Skip to comments.Chemical in many antibacterial soaps linked with impaired muscle function
Posted on 08/14/2012 11:46:03 AM PDT by carriage_hill
Introduced in the 1970s, the compound triclosan has become an increasingly popular ingredient in many antibacterial soaps and other personal-care items, such as deodorants and mouthwashes. However, as the chemicals popularity continues to grow, a recent report has raised concerns about some frightening risks that triclosan could pose to public health.
A new study published in the "Proceedings of the National Academy of Sciences" has revealed that exposure to triclosan is linked with muscle function impairments in humans and mice, as well as slowing the swimming of fish. By reducing contractions in both cardiac and skeletal muscles, the chemical has the potential to contribute to heart disease and heart failure.
(Added bold emphasis is mine...)
The researchers from the University of California, Davis, and the University of Colorado decided to examine the possible effects of triclosan due to recent literature raising health concerns about the chemical, as well as substantial increases in its production.
(Excerpt) Read more at foxnews.com ...
The Colgate-Palmolive Softsoap® I use lists Triclosan Active Ingredient as 0.115%, which is small, but possibly cumulative in usage, unless excreted by the body.
From the article: "Primarily used in antibacterial hand soaps, triclosan can also be found in a number of bath and household products, including mouthwashes, toothpastes, deodorants, bedding, washcloths and towels, kitchen utensils and toys. Also, body levels in humans including plasma, urine and breast milk have been steadily increasing."
No ***Red Flags*** yet, but if you have known cardiac problems, it might be good to follow this developing situation.
Remember the brouhaha a few years ago about the "waxy coatings on apples", which finally turned-out to pretty much be a non-issue (Canadian source):
Our chemists warned us about Triclosan many, many years ago. That’s why they won’t use it. It is dangerous.
I only used it as a last resort. Always stayed away from anti- bacterial, thinking it might shift my normal flora and innate defense. Soap and water still work fine. There are some bacteria only soap, water and friction kill reliably.
We use a brand called Clean Well, and the label boldly states that it is triclosan-free. Isn’t this also the ingredient that’s been linked to superbugs?
I was just writing a check to support the fight against human caused global warming, now I will write it to help the prevention of the manufacturing and using of antibacterial soap!
Just doing my part and all.
Any chance I can get Social Security Disability for using this stuff? I’m tired of working to pay taxes.
‘Long avoided ‘antibacterial’ soaps.
w, s ping....
“Almost everyone uses anti-bacterial soap...”
Not me, hardly use that crap ever. Don’t wash my hands much either, even when in Third World countries - and never, ever, get sick. Dittos for “Sanitizer”.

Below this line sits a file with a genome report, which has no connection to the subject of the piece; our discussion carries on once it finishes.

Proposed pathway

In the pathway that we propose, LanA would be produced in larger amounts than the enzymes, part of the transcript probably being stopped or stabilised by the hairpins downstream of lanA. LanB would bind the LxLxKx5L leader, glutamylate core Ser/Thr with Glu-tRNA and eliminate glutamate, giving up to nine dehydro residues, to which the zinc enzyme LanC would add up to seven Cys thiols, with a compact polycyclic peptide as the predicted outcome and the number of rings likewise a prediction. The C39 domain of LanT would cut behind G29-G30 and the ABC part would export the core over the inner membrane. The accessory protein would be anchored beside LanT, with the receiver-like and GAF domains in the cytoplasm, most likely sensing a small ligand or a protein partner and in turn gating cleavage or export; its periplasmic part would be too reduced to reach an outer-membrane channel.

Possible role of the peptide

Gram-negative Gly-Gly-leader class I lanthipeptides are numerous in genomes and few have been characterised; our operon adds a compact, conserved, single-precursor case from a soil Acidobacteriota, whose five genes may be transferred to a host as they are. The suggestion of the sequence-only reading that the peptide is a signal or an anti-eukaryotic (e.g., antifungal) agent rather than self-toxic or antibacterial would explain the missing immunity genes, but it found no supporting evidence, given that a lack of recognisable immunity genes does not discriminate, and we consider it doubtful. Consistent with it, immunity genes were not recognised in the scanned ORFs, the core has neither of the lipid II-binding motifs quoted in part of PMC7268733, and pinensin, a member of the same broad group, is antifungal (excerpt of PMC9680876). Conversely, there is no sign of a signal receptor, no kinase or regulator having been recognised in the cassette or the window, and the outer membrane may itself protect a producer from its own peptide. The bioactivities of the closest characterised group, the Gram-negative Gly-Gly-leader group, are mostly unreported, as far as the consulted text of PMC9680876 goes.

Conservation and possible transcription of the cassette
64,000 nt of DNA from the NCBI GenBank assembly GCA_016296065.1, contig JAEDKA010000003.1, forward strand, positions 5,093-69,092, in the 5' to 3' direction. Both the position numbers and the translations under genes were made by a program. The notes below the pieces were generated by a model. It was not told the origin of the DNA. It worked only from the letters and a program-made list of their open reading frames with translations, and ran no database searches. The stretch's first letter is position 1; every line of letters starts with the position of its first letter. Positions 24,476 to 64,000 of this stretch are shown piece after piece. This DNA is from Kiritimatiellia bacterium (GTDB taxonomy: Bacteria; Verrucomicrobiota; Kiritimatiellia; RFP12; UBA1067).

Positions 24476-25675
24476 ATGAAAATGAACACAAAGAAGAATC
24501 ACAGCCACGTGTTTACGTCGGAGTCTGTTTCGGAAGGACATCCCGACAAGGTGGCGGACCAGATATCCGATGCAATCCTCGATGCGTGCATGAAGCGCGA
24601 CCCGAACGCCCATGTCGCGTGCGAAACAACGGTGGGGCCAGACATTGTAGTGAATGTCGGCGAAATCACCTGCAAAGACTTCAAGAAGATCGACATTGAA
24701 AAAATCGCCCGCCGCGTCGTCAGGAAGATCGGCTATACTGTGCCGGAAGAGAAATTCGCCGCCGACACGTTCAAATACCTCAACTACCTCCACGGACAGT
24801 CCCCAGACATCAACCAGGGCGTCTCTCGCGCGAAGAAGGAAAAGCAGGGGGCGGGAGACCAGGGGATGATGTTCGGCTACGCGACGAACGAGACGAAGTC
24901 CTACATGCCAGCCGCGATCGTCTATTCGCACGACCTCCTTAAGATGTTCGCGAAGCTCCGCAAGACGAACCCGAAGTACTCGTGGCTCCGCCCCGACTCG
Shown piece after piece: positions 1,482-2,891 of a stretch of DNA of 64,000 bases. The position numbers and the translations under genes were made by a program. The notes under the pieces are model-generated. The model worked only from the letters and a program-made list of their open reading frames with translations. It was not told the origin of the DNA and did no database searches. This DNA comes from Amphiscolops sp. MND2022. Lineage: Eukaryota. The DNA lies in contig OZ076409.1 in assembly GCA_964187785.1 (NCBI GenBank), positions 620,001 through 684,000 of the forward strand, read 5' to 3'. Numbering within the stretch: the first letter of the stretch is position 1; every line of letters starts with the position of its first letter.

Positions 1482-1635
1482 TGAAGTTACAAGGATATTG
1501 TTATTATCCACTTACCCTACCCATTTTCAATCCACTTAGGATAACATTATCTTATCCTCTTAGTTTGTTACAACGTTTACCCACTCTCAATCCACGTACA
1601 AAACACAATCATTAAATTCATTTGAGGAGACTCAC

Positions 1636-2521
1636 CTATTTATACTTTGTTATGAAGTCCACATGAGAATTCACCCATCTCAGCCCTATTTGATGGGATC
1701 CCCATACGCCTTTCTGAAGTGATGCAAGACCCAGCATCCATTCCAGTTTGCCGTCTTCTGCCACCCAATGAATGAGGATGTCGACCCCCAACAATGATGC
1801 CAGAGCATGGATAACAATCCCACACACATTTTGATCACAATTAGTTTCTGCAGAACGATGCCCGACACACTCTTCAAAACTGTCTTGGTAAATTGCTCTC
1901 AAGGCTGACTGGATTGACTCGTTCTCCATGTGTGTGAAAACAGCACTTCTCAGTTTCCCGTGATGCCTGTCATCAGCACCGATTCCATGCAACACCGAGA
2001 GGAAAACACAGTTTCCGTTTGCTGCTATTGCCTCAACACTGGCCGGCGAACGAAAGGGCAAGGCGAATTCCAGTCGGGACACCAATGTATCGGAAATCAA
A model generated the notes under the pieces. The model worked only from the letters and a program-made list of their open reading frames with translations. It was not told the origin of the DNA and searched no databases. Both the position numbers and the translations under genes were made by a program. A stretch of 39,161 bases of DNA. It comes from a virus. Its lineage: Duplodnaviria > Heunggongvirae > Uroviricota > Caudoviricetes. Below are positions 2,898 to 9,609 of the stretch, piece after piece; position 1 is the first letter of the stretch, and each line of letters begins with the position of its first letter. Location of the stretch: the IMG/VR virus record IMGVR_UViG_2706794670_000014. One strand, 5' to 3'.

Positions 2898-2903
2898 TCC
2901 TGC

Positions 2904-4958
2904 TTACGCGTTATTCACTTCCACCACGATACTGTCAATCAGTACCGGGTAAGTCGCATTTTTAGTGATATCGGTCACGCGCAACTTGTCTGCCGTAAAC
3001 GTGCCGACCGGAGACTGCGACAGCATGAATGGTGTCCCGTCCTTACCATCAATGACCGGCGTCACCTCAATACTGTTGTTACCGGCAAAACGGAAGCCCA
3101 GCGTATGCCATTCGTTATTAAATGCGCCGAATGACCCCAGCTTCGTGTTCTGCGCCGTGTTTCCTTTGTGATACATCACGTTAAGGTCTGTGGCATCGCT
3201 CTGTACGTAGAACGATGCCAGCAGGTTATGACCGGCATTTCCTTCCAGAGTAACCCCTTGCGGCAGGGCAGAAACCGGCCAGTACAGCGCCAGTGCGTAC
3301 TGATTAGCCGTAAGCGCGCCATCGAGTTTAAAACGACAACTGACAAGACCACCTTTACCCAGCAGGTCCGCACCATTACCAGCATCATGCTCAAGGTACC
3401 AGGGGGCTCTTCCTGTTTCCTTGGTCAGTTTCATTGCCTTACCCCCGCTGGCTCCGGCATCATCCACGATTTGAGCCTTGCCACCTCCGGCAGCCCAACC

I always knew this stuff was a scam (after all, sanitizers and especially lotions interfere with the proper moisturizing function of skin), but I didn’t think these strong chemicals were dangerous - but it makes sense now - I don’t put gasoline on my skin either, because I know it’s dangerous.
WELL,I GUESS IT’S BACK TO GOOD OLD LYE SOAP!..............
Antibodies are like muscles, use them or lose them.
Turn on your television during Springer or Maury. You'll get a wide assortment of legal firms standing by to assist with your case. "You've paid into the system all your working life, now's the time to get the benefits you deserve. No fees until your case settles."
So you've found a flaw in this triclosan study that invalidates it, similiar to how the science is flawed in the HGW issue?
Then tell us what it is.
Or shut up.
Here’s a link with a list of products containing Triclosan. Includes such brands as Colgate, Palmalive, Noxema, Soft and Dry, Dial, Avon, Suave, Clearasil, Old Spice, Vaseline, Lever 2000, Right Guard, Joy dishwashing soap, Dawn, etc. Also, a few pet products.
:Antibodies are like muscles, use them or lose them.”
Yep, better put than I could.
Triclosan and triclocarban do work as advertised, which is remarkable since one would think bacteria would long ago have become tolerant to them. Bath soap that contains it keeps me from getting zits on the rear and other places that embarrass when the zits become sore. But maybe it works since I don’t clean the whole house with triclosan, only myself. Putting it in dish liquid seems overkill; not even the detergent makers say it sanitizes the dishes.
Sounds a little odd, as once an organism learns how to create a new antibody, it never forgets short of losing the entire immune system.
New investigation using sound science, I can always see. One sided panic based jihads, count me out.
Mine just went into the garbage.
This is the stuff; you got it! Mine’s now in the garbage.
LOL! Give it a shot; if it works, let me know. I’m tired of working for the past 52yrs, to support millions of freeloaders, too.
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